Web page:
Monday, June 8, 2009
Tigers practices at U.S. Open course
ESPN.com news services
FARMINGDALE, N.Y. -- Tiger Woods was back on the Black Course at Bethpage, playing a practice round in preparation for his U.S. Open title defense.
Woods made a detour on his way home from winning the Memorial in Ohio, playing 18 holes Monday with swing coach Hank Haney on the course where he won the U.S. Open in 2002, the last time it was held at Bethpage Black. This year's Open is June 18-21.
Newsday reported that several dozen golfers who planned to play at Bethpage State Park's four other courses spied the world's No. 1 player and immediately pulled out cell-phone cameras.
Woods planned to return home to Florida later Monday and practice on his home course.
He won last year's Open at Torrey Pines in a 19-hole playoff against Rocco Mediate.
The Black Course has been lengthened to 7,426 yards since 2002. It features graduated rough that should allow players to reach the green instead of hacking out to the fairway.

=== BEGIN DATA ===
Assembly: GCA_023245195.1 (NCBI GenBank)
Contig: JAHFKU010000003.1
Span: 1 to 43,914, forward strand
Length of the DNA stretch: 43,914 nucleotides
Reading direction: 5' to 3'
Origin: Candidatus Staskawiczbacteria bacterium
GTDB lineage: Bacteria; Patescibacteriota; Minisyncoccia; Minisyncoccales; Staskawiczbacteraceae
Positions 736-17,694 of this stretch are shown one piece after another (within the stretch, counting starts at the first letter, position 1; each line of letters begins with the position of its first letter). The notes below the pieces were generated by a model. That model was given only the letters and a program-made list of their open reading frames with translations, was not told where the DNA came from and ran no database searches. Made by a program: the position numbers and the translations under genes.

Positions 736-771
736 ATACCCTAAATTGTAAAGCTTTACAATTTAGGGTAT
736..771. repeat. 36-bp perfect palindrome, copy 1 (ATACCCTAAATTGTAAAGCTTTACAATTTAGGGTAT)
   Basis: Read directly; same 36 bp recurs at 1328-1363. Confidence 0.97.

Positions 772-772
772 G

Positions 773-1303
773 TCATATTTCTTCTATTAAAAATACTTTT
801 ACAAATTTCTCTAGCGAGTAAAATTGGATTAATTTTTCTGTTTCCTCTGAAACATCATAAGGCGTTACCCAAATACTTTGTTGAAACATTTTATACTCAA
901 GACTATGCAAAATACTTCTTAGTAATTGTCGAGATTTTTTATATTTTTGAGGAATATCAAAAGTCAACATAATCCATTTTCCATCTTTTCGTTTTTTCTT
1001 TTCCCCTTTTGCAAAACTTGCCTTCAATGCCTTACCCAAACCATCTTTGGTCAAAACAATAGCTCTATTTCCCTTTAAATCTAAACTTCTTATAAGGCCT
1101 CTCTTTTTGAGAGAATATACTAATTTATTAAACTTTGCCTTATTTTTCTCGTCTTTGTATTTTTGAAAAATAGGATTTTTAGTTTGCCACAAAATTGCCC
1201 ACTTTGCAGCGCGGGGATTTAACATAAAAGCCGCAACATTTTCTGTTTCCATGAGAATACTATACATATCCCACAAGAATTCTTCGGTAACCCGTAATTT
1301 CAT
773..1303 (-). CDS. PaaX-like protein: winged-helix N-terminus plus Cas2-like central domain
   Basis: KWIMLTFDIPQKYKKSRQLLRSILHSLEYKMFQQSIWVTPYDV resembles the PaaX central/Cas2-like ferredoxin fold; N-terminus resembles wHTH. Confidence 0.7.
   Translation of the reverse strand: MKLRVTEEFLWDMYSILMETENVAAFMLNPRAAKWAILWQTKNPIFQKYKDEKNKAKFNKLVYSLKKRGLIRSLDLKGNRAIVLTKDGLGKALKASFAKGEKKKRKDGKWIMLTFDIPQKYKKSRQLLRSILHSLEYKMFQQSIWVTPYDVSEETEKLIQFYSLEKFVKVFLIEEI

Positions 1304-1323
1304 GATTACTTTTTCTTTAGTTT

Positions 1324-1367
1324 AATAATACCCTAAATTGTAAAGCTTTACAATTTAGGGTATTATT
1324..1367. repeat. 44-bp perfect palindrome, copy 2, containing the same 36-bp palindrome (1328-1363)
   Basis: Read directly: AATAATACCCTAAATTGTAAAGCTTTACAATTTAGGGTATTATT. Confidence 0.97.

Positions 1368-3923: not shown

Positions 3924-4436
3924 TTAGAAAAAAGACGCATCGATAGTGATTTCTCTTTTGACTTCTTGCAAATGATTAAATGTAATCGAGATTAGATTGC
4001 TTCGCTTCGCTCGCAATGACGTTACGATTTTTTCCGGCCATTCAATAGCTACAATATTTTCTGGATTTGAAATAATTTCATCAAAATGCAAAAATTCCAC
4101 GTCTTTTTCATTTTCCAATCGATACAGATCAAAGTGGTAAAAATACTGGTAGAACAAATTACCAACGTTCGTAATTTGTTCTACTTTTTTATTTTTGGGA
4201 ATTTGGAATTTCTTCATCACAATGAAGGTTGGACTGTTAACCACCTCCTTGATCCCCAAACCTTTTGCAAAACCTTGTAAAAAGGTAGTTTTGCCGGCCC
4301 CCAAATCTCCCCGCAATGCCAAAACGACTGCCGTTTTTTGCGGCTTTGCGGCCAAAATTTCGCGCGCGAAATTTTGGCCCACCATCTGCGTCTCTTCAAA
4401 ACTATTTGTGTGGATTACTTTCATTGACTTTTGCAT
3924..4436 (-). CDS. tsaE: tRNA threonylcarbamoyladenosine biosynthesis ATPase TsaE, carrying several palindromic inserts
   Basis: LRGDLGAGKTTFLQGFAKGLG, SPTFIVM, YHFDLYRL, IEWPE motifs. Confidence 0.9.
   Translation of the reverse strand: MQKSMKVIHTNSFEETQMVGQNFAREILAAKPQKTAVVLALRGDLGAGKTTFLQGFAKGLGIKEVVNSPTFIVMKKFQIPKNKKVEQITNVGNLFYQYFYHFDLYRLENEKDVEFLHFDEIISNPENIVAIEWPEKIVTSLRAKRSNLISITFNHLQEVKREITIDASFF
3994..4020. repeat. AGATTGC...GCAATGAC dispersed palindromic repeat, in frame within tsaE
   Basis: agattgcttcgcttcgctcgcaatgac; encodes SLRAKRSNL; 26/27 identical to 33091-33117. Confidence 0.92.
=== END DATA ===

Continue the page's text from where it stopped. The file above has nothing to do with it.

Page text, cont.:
Haney arrived at Muirfield Village Golf Club, site of the Memorial, on Sunday to observe his famous client win his 67th PGA Tour event, and then accompanied him to Bethpage.
When Woods won the U.S. Open in '02, he became the first player since Jack Nicklaus in 1972 to win the Masters and U.S. Open in the same year. It was also his seventh major out of 11.
Later that year, Woods parted ways with his longtime instructor Butch Harmon, but didn't win another major until the 2005 Masters. By that time, he had been working with Haney for about a year.
His victory Sunday was his second of the year and 67th of his PGA Tour career.
"It was nice to play this well going into the U.S. Open,'' Woods said Sunday. "This is how you have to hit it in order to win U.S. Opens. Especially Bethpage. That golf course is as big as they come. ... It's just one of those things where you have to hit the ball well all week. I did that in 2002. That was one of the reasons why I was up there."
Information from The Associated Press and ESPN.com golf writer Bob Harig was used in this report.